The status of the freshwater pearl mussel Margaritifera margaritifera Linn. in Scotland

P J Cosgrove, M R Young, L C Hastie, M Gaywood, P J Boon

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1. One hundred and sixty rivers in Scotland with historical records of freshwater pearl mussel Margaritifera margaritifera were surveyed between 1996 and 1999 for the presence of the species.

2. M. margaritifera populations were classed as either 'extinct' (no mussels remaining),'not currently viable' (ranging from only dead shells present to no juveniles present, regardless of the number of adults found), or 'functional' (at least one juvenile was found, regardless of the overall numbers of adults present).

3. M. margaritifera populations could be classed as functional: in only 52 rivers (34% of total surveyed) and in only 17 of these were juveniles below 20 mm (5 yrs old) present. Furthermore, in only 10 of these functional rivers were mussels also still considered either to be common or abundant and these included both large easterly-flowing rivers and small western rivers and streams.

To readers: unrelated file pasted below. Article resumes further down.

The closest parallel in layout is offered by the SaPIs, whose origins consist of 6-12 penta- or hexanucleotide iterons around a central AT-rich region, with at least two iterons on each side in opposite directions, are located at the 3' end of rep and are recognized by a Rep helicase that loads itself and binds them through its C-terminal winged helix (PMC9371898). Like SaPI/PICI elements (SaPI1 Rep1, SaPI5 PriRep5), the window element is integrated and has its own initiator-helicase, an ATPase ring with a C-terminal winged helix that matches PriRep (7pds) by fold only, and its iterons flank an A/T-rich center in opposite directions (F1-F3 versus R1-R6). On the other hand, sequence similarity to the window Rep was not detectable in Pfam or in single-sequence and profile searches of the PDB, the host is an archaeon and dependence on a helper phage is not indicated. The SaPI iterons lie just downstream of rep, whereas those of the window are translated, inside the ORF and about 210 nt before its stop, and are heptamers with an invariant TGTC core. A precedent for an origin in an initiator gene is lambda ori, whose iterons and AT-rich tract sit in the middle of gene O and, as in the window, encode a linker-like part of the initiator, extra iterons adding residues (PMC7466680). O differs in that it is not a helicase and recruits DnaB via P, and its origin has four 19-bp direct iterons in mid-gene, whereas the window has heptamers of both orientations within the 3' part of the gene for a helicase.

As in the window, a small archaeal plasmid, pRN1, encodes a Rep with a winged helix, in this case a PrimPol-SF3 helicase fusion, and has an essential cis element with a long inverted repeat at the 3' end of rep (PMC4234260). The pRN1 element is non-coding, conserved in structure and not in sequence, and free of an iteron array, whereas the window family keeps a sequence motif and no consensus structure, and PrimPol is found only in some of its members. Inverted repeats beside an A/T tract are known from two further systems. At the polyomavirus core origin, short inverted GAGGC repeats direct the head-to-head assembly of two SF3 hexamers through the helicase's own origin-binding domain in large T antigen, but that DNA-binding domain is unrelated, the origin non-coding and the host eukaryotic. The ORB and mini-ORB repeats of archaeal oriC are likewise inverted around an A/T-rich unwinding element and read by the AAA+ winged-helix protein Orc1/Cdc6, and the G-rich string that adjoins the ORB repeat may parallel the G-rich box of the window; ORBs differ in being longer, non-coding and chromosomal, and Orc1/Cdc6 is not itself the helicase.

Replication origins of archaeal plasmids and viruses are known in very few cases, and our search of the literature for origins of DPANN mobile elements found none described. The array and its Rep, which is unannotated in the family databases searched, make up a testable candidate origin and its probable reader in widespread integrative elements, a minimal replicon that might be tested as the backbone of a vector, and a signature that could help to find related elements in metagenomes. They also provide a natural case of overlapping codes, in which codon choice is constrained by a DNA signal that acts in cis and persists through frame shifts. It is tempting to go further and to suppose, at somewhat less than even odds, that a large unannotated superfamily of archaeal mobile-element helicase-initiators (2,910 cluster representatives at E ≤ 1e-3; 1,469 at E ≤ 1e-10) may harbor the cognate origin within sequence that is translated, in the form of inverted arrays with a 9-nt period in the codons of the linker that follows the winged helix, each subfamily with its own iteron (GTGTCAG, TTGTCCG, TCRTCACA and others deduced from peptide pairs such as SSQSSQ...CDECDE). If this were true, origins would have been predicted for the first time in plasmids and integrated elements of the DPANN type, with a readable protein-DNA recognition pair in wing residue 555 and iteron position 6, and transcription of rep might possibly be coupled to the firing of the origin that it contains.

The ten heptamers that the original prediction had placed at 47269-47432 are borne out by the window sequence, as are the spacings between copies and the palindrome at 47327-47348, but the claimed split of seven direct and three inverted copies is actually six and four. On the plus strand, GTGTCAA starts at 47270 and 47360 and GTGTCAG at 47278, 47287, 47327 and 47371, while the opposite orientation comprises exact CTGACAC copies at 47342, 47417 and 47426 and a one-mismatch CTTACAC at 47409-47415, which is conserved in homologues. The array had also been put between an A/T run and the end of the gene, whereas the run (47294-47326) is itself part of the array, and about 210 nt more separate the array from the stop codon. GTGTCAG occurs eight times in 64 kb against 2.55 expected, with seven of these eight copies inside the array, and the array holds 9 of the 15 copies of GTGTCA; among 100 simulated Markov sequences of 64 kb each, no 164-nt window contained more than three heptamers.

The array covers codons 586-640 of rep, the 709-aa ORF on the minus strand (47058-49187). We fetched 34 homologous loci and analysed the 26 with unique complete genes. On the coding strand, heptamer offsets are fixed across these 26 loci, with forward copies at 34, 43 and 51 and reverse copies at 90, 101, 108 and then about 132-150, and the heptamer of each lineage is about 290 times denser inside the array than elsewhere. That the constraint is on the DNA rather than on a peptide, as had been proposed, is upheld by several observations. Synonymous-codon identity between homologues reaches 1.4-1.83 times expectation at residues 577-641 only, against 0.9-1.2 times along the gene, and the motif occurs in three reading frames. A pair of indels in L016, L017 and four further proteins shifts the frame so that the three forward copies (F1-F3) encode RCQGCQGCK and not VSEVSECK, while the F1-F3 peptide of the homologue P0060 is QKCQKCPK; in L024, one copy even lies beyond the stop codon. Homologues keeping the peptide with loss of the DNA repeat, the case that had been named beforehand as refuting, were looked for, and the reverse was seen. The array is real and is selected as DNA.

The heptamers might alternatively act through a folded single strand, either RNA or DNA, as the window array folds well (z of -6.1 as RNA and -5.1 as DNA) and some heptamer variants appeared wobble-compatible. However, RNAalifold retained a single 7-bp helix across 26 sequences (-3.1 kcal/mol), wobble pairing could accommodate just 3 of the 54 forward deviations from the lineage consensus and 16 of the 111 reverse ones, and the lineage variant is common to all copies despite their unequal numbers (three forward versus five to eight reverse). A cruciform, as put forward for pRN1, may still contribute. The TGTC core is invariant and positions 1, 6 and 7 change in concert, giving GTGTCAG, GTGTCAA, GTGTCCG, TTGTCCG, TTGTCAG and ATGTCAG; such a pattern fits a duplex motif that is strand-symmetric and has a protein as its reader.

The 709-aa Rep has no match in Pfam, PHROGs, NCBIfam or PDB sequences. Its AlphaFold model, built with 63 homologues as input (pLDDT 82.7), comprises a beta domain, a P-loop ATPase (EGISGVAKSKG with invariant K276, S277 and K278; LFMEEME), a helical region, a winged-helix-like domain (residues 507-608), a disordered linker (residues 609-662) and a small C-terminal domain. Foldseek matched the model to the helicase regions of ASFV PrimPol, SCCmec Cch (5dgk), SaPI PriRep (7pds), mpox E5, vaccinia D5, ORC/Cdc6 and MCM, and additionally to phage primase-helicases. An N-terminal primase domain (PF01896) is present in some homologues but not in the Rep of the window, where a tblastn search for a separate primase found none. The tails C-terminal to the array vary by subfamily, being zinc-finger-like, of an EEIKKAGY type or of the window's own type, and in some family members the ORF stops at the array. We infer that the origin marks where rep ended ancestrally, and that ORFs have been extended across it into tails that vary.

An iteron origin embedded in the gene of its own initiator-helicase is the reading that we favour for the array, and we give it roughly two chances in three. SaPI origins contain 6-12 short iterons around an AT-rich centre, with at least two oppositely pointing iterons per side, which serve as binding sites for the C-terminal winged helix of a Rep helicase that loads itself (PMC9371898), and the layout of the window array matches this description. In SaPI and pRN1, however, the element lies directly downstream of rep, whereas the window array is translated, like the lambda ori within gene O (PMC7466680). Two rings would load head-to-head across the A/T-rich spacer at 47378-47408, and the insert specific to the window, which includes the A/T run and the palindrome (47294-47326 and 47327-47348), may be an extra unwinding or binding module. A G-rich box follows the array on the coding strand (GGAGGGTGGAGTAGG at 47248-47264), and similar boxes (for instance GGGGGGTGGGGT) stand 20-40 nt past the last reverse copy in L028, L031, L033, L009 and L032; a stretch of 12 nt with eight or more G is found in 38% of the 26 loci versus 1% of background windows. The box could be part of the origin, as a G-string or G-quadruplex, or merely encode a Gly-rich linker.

4. In approximately two-thirds (101) of the 155 rivers occupied 100 years ago, M. margaritifera is now extinct or is about to become extinct. Furthermore, analysis indicates that the rate of mussel population extinction has accelerated since 1970, with a recent average of two mussel river extinctions per year.

5. The predominant threat to the mussel populations has undoubtedly been pearl fishing. This has been occurring at every river, even in the most remote northwest areas, where most of the 'functional' populations remain. Recent legislation has provided full protection to M. margaritifera, so that all pearl harvesting is now illegal.

6. Locally, river engineering and host salmonid stock decline poses a serious threat and eutrophication has already eliminated populations in southern and eastern Scotland.

7. In every part of its global range, M. margaritifera has declined substantially and is now either threatened with extinction or is highly vulnerable. Based on recent estimates from across the species range, it appears that Scotland now probably holds at least half of the world's remaining functional M. margaritifera populations. Copyright (C) 2000 John Wiley & Soils, Ltd.

Original languageEnglish
Pages (from-to)197-208
Number of pages12
JournalAquatic Conservation: Marine and Freshwater Ecosystems
Publication statusPublished - 2000


  • freshwater mussels
  • population status
  • juveniles
  • rivers
  • threats
  • pearl fishing
  • salmonids
  • Margaritifera


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